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Was it mainly because of the decision to annex Crimea? If so, why did that have major backing among Russian people?

Here's a link to a snapshot of the Levada Center's English-language page from November 20th, 2017. The graph at the top of the page contains the data shown in the above infographic.

  • Comments deleted. Please don't try to answer questions with comments. – Philipp Mar 21 '18 at 9:47
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    Can you provide a link to the infographic? – Andrew Grimm Mar 23 '18 at 2:24
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    @AndrewGrimm that’s the whole graphic, unfortunately the newsletter its from is only through email and not on a website. – Austin Conlon Mar 23 '18 at 2:26
  • Because they didn't add the Crimean population to their polling sample? :-) – Valorum May 7 '18 at 22:45
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Russian society (as least both left-wing and right-wing supporters) has an extreme irritation to expansion of pro-Western/pro-NATO forces to the East, including recent overthrowal of pro-Russian governments in specified countries - which it historically considers as a field of national interests. By using military forces in such cases, Putin demonstrates a consolidation between the people and the government - hence what you see on this chart.

As for the Crimean case in particular - disappointment of Crimean transfer to Ukraine in 1954 that, accordingly to my grandparents, took place from the very beginning also looks to be one of the factors.

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The link contains a few more graphs. Looking at the same period one can see that Putin's approval rating is closely tracking

  • Medvedev's approval rating
  • Government's approval rating
  • Whatever is meant by "ASSESSMENT OF SITUATION IN THE COUNTRY".

It is inversely correlated to

  • Attitude towards the US
  • Attitude towards the EU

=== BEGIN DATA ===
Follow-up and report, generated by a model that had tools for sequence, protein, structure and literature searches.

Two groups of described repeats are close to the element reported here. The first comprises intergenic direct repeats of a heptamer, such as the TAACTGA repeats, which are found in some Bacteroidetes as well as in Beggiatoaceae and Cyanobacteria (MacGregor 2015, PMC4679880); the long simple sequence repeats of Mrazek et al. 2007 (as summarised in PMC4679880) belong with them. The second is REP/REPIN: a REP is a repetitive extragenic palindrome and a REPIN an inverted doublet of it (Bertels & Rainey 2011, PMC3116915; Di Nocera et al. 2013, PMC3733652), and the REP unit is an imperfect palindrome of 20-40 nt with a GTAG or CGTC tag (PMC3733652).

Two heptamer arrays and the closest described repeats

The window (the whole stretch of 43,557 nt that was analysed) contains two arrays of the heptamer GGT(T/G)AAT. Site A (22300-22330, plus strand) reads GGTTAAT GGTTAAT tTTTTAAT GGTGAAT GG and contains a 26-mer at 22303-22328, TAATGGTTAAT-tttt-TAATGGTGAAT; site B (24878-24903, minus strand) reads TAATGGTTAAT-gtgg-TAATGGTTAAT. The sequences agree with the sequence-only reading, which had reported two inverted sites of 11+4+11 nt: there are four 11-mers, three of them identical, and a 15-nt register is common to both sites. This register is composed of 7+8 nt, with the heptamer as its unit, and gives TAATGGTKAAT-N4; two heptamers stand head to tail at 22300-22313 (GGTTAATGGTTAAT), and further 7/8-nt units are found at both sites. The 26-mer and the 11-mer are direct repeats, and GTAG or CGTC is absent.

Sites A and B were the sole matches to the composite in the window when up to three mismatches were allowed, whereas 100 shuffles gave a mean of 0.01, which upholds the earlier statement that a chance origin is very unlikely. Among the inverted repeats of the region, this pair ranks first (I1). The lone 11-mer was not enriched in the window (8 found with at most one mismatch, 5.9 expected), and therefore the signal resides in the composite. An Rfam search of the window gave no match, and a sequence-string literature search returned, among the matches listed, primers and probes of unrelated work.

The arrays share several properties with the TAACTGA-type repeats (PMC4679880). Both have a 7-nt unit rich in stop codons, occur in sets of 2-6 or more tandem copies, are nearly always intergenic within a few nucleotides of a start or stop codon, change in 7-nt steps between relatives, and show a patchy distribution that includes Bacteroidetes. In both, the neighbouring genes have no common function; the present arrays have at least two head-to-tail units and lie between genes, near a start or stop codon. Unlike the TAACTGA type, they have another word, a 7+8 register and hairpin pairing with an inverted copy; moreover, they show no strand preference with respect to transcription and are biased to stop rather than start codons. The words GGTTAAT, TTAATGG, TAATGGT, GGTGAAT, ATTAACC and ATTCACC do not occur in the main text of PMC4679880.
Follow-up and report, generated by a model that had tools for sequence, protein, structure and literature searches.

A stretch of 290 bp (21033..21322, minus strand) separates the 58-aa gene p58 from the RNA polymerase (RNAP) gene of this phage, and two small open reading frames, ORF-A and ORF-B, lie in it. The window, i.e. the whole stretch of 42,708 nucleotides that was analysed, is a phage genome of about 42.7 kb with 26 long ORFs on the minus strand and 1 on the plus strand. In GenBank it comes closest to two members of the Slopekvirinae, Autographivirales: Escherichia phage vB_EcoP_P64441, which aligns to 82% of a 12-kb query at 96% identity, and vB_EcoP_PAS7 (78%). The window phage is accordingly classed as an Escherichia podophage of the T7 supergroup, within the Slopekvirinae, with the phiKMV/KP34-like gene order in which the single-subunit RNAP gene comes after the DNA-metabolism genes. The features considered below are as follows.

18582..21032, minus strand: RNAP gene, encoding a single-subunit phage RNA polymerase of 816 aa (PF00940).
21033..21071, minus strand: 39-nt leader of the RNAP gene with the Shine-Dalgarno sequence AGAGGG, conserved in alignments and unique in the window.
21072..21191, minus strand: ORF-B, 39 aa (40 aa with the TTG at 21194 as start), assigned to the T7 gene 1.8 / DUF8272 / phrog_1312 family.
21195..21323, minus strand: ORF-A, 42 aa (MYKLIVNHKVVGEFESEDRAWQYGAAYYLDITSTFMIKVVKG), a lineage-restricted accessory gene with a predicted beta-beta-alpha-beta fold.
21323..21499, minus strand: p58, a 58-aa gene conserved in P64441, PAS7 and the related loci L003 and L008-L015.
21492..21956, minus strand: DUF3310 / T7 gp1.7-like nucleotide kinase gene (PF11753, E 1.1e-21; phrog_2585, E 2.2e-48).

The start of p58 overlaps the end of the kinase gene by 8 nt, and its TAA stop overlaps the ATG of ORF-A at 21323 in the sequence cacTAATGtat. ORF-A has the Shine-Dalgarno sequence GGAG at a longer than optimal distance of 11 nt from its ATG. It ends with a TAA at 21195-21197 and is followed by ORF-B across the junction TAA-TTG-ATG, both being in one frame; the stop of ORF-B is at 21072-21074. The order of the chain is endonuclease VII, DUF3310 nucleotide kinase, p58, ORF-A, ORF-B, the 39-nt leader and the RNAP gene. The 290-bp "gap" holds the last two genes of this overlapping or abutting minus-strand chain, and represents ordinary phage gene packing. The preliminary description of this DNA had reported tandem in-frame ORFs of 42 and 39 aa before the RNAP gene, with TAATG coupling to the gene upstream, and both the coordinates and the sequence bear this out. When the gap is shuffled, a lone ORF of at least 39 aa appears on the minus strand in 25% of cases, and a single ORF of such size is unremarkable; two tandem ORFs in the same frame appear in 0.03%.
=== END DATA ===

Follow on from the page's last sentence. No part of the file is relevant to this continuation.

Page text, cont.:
It also has a few economic indicators which claim a fall (bucking the trend) in 2014. This seems to suggest an increase in popular approval despite initial economic slump resulting from the war. The economic indicators are shown to recover towards pre-war levels by 2016.

Without any source to either dispute or corroborate this data, it may be a piece of war-time and pre-election propaganda.

The current version of the site makes no claims about any falsifiable data. So it's difficult to asses its real methodology.

And, more importantly, there is no snapshot of this page of the site, on archive.org, before 2015. Which is quite remarkable considering that Levada site's graphs claim to contain data from as far back as 2000 and Levada site's copyright, in the snapshot, is listed as 2003-2017.

To be fair, there are other pages of the site which are present in the archives for earlier years. But the fact that there is no claim made about the values of this data before 2015 (the year that the war propaganda would start if it were to follow the war) is very, very suspicious.

It doesn't make much sense that a company would be going through the expense of collecting all these data since 2000 and wouldn't publish it until 2015. It also makes no sense to claim copyright starting with 2003 on data collected since 2000.

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It's the nationalistic sentiment of Russian people.

Whenever Putin is inventing some new issues and posing those issues to the Russian nation, they are becoming united and are worshipping Putin as a "Great Leader." Sometimes, Russian national issues are not invented by Putin though. They come naturally, but the beneficiary is still Putin.

If you look closely, the graph reached, for instance, at its peak in June 2015. Do you remember what happened during that period of time? Well, that was when Russia intensified its war in Eastern Ukraine.

You will see another spike at the end of 2015. Do you remember what happened then? Well, that was the time when Turkey shot down a Russian military jet.

Any time there is a stunt, that is instantly propagated among the general populace and Putin gathers more support.

  • Syrian intervention
  • Hypersonic missile claim
  • etc.

all are Putin's inventions to gather more support and rating.

If I remember correctly, Putin's 2012 election was a very tough win for him. Can you guess why? Well, that election was held in March 2012, and he could not invent anything new from the end of 2011 to March 2012. So, he hasn't made the same mistake this time around in 2018.

Now, the obvious question is, why does Putin need to invent those things times and again?

Well, you have to remember that Putin's rule is fraught with authoritarianism and extreme corruption. Russia isn't progressing like the West as what most of the people expected during 2008. Besides, Putin regularly blocked opposition leaders (real opposition) from taking the streets and gathering mass supports. So, there you have your answer.

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protected by Alexei Mar 23 '18 at 7:01

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